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Muggings on Monday night....

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Tuesday 4 April 2006 7.14pm
I wholeheartedly agree that that fit male bystanders should intervene, and that the likelihood that they won't is a prime cause of the crime.
We need high visibility police foot patrols. Wandering around Southwark and E&C one is struck by the frequency of police car sirens and the absence of police on the streets. Contrast New Yotk City. But you're right, able-bodied citizens should be ashamed to abandon someone to the barbarians.
Wednesday 5 April 2006 12.00am
I didn't think what Niall said was a parody. Insofar as wading in when there's something happening - I certainly wouldn't. I made an entry earlier in this Thread about being attacked in Potters Field Park (one of a run of attacks over a few weeks) a few years ago - it changed my attitude towards others irrevocably. As I said, we don't go out after dark without either getting straight into the car or being on a bike ... at the weekend there was a gang of 'kids' hanging around on Crosbie Row (at the back of Guys) c.21H - we cycled another way to avoid going near them.

I for one don't feel safe despite better lighting, cameras etc. The police are next to useless - we had a Domestic in the building last year and the four police wouldn't even get out of their vehicle.
Wednesday 5 April 2006 11.25am
Niall Connolly wrote:

But bad things can still happen and anyone living in the inner city with their guard down is asking for trouble.



In case you didn't read the full thread, this situation occurred when guard was most definitely "up".
Wednesday 5 April 2006 12.10pm

I didn't seek to suggest otherwise. I also regret that anyone suffers harm in such circumstances.

The point that I was trying to make was that this area (the area around Bermondsey St) is far safer than it was 10+ years ago. Street lighting is greatly improved. Establishments like the Garrison, The Woolpack, the Bermondsey Kitchen and Village East bring people down the streets late at night. They also bring some lighting to streelevel which removes more of those dark corners. The general level of activity has also made it possible to get a cab on Bermondsey St in the wee small hours, something unheard of even during the day, 15 years ago.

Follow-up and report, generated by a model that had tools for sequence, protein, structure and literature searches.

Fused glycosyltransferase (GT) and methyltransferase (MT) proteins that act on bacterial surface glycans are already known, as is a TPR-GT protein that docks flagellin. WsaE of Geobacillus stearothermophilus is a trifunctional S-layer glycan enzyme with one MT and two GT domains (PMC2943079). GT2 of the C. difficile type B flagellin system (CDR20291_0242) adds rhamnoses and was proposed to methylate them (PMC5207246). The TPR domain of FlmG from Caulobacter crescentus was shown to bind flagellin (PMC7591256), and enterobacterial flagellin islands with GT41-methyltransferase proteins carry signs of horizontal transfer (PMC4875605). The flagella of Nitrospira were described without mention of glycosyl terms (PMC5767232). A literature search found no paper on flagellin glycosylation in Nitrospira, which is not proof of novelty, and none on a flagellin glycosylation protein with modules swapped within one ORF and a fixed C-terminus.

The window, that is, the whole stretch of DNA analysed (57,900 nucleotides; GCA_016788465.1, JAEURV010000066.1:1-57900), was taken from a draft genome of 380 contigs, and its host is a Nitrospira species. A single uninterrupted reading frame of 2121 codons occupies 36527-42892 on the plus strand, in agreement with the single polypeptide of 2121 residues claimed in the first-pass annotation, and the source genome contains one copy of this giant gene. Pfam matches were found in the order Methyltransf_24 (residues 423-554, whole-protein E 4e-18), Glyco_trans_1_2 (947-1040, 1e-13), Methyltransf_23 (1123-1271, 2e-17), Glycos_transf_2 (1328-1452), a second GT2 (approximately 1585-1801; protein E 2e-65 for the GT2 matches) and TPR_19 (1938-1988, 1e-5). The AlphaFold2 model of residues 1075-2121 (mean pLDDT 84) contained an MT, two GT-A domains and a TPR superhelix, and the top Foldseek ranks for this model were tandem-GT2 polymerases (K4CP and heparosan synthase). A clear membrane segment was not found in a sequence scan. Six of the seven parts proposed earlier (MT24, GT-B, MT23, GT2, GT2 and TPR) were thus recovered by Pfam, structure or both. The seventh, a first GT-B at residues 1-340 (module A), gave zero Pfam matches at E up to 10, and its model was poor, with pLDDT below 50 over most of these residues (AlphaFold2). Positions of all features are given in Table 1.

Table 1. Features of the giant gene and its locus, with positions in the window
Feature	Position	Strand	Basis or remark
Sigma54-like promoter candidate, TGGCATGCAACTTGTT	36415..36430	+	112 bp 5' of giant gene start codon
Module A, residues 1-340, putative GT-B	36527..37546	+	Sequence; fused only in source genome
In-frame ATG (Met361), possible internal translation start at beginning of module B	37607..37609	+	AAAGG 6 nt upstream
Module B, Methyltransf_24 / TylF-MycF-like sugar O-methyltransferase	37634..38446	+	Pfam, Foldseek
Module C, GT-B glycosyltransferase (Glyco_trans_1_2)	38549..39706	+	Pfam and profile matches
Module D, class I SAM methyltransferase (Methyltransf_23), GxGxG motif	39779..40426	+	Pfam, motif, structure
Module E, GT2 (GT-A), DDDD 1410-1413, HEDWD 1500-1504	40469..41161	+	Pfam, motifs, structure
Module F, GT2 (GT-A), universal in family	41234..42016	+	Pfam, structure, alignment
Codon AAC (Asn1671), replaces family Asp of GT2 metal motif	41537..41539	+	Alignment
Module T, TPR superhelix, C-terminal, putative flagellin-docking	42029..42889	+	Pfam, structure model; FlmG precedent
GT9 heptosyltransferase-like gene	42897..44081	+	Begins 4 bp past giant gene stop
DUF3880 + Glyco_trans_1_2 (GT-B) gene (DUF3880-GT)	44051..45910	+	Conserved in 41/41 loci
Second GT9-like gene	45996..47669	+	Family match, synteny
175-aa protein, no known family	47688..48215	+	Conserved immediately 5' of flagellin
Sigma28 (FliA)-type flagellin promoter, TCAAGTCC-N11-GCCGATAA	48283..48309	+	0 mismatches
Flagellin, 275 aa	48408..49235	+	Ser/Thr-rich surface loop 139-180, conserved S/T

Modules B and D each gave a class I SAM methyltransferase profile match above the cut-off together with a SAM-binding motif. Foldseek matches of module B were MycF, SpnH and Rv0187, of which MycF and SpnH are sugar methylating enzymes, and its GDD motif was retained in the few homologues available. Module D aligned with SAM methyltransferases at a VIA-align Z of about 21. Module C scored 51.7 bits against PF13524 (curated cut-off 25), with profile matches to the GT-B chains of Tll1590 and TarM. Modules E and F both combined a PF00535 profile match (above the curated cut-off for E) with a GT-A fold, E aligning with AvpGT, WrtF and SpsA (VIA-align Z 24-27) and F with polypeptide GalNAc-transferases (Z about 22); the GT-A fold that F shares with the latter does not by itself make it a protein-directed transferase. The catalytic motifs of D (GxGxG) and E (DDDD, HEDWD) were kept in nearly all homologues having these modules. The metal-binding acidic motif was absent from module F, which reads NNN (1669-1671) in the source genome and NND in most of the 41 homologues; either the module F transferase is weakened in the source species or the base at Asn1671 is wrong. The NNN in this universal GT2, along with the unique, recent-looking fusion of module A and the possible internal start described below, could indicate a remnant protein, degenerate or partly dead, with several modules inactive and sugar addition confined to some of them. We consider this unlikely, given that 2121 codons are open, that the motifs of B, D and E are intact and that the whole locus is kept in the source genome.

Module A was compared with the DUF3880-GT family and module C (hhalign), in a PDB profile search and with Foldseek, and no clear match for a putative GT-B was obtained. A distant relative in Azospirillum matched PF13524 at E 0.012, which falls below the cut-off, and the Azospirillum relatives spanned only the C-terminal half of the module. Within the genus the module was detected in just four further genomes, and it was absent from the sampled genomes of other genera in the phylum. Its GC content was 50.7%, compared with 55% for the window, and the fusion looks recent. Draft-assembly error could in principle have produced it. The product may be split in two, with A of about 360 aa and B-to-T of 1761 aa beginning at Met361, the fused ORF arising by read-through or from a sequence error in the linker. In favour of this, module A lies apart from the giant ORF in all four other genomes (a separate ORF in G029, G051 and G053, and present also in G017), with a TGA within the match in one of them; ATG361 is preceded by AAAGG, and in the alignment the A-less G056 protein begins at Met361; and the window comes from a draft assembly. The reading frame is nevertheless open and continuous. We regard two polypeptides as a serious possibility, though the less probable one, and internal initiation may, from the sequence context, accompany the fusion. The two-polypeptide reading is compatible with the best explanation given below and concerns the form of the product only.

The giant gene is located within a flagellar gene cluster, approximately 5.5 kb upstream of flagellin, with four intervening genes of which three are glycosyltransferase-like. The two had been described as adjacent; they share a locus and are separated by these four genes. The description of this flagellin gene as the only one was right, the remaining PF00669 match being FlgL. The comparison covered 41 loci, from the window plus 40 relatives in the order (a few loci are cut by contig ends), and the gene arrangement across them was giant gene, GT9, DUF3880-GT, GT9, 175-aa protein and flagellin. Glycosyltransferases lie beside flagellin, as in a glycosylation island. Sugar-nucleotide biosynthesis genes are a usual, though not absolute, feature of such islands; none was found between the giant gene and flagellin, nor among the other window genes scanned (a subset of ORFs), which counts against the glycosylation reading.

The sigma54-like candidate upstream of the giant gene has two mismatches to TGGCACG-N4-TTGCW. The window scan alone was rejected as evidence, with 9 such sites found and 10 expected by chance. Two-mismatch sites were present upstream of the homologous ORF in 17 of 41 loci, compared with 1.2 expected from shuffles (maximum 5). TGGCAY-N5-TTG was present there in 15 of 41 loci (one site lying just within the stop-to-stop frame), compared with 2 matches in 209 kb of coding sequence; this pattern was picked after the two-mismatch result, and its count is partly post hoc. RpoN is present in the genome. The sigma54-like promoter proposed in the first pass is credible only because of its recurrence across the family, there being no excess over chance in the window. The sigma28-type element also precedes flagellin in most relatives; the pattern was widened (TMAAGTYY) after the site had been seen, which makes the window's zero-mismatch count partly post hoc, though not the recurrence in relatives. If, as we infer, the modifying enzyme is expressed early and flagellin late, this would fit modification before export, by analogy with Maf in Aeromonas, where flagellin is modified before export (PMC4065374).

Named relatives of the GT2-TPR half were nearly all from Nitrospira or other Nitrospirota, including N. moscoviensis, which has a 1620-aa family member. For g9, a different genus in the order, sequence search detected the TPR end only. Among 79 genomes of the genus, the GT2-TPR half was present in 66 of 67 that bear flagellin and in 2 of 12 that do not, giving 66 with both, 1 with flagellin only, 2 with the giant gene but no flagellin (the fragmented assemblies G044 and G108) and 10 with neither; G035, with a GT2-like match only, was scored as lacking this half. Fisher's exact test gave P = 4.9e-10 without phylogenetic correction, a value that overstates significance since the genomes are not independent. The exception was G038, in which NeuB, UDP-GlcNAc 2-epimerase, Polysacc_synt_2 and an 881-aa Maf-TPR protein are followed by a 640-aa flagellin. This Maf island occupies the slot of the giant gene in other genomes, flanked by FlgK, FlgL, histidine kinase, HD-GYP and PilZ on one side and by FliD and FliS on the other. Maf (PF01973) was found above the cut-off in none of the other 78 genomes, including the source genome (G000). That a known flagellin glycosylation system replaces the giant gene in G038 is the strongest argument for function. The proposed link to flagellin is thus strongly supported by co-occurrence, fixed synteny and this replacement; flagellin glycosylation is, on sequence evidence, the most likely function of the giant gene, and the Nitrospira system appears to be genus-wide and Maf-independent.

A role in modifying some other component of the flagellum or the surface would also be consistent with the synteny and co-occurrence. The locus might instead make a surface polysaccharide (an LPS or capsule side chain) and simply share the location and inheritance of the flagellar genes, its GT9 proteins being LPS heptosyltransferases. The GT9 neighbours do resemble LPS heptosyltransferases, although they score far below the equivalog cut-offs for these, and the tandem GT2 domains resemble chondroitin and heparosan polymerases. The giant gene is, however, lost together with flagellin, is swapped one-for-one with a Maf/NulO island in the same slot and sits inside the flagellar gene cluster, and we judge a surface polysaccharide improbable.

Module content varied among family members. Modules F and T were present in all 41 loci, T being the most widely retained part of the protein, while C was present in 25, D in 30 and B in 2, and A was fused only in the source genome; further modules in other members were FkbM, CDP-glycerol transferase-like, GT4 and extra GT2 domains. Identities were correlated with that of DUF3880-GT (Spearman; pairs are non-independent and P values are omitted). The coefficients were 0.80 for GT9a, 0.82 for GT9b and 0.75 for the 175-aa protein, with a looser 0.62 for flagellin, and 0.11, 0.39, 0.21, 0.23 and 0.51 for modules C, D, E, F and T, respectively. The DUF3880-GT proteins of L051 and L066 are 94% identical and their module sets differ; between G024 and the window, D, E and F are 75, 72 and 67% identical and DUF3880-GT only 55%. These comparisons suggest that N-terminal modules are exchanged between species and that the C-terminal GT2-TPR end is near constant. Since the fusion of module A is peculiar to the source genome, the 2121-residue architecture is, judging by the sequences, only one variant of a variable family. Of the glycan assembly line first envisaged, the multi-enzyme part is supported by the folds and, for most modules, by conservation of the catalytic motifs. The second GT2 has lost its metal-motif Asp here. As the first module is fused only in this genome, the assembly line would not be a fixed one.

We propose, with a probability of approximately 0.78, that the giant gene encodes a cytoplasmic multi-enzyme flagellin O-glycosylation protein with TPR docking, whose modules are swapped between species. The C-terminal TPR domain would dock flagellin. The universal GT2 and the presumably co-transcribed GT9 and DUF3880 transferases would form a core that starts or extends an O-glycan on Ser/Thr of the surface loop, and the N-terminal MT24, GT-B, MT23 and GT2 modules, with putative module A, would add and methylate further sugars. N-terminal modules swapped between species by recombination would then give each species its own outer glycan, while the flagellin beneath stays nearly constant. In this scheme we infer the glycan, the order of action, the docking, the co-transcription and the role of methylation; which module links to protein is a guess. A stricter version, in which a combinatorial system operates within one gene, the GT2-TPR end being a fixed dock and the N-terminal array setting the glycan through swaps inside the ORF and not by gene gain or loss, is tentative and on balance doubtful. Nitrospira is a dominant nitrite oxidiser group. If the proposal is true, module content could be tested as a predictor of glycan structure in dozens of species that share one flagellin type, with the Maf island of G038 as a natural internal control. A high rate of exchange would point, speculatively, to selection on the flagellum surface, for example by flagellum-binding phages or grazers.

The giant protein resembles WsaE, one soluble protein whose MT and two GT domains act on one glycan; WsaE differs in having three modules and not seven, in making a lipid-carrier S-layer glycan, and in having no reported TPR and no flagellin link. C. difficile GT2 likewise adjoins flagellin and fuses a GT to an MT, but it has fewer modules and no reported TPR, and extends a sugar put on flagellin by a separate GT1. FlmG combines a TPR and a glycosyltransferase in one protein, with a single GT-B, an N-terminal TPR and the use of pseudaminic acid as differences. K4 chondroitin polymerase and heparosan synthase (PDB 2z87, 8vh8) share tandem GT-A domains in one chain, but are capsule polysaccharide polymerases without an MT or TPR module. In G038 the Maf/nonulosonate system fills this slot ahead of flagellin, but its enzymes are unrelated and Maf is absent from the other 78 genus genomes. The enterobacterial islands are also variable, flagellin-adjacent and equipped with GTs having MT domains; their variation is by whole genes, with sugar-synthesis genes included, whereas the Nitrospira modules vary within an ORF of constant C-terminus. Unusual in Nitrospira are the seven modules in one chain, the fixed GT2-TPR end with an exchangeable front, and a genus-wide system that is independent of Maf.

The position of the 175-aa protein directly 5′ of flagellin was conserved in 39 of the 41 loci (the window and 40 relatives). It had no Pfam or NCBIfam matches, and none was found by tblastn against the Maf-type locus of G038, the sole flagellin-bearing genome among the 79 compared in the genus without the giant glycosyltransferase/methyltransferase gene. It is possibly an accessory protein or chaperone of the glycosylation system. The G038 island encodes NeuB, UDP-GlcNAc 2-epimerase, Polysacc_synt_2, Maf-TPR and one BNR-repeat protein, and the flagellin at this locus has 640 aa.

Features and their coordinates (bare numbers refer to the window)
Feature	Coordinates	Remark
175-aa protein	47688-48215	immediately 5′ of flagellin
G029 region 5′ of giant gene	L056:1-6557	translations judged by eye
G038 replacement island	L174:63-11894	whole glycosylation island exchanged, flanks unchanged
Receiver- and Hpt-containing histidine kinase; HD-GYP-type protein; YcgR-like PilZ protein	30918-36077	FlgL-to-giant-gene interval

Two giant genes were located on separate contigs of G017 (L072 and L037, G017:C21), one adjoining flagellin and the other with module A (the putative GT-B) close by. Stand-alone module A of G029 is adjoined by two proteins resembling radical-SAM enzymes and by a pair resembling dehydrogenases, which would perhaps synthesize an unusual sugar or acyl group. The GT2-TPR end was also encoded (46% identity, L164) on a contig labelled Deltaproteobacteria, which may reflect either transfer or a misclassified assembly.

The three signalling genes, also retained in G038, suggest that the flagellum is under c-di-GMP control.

In comparison, back in 1991 a member of staff at Arpino Gibbs (now Zandra Rhodes' gaff) was grabbed in the Bermondsey St tunnel and dragged into a car. Thankfully she fought back and I believe stuck a stilettoe heel in someone's eye before making good her escape.

I remember the time when break-ins were a regular occurance for most local business premises. Someone went to the trouble of ram-raiding Kesperry Financial Services (now the Village Deli).

In comparison, Bermondsey St & Environs are safer and less risky (other than as a property investment) than I have known them in 20+ years. One person's bad experience cannot therefore be taken as the norm and shouldn't be a reason for any sense of 'living in fear'.

But that bad experience should be a wake up call for the local community to consider taking more responsibility. Scumbags get away with it much of the time because people won't step up. The scumbags know it and exploit it. In fact, in my experience, they are shocked and outraged when anyone does make any sort of a stand. (When I confronted one such whilst breaking into a car on Tanner St he asked me, "what has it got to do with you?") And able-bodied males aren't the only people who can make a difference. Just the fact that people are willing to bear witness would be a bulwark against anti-social behaviour. Sadly, much of the time, even that is too much to expect.

Regards and best wishes to you and yours.

Wednesday 5 April 2006 2.15pm
I was mugged in July 2004, on bermondsey St., 1.20am, by a black youth on a bike with a hood up. My brother has just been mugged, on Weston St., by a black youth with some kind of truncheon. Happened about 10.30pm on Monday last.

Two policemen came to my flat in leathermarket Court, one in uniform, t'other in plain clothes. The uniformed one, a large man with a booming voice, had an intimidating manner and, apparently, a very short temper. They wanted to take my bro in their car for a drive round the area, criminal spotting. He had to get up early the next morning, and I said it was not going to produce results. When I was mugged I did exactly that - utterly futile, time-wasting exercise.

The copper's hackles were quickly raised when i said it would be much more constructive to have police more visibly in the area to *prevent* these endless crimes taking place - rather than bringing up the cavalry and, frankly, just adding to the victim's problems by taking up more of their time and energy with a bunch of pointless questions. eg, in this case it was a(nother) black youth - surprise, surprise! There's no more description one can give. It happens quickly and there's nothing more one can recall.

The irate officer boomed sarcastically, "well, sir, you obviously know how to do my job better than me so I'll leave you to it", or something of that nature, and promptly left.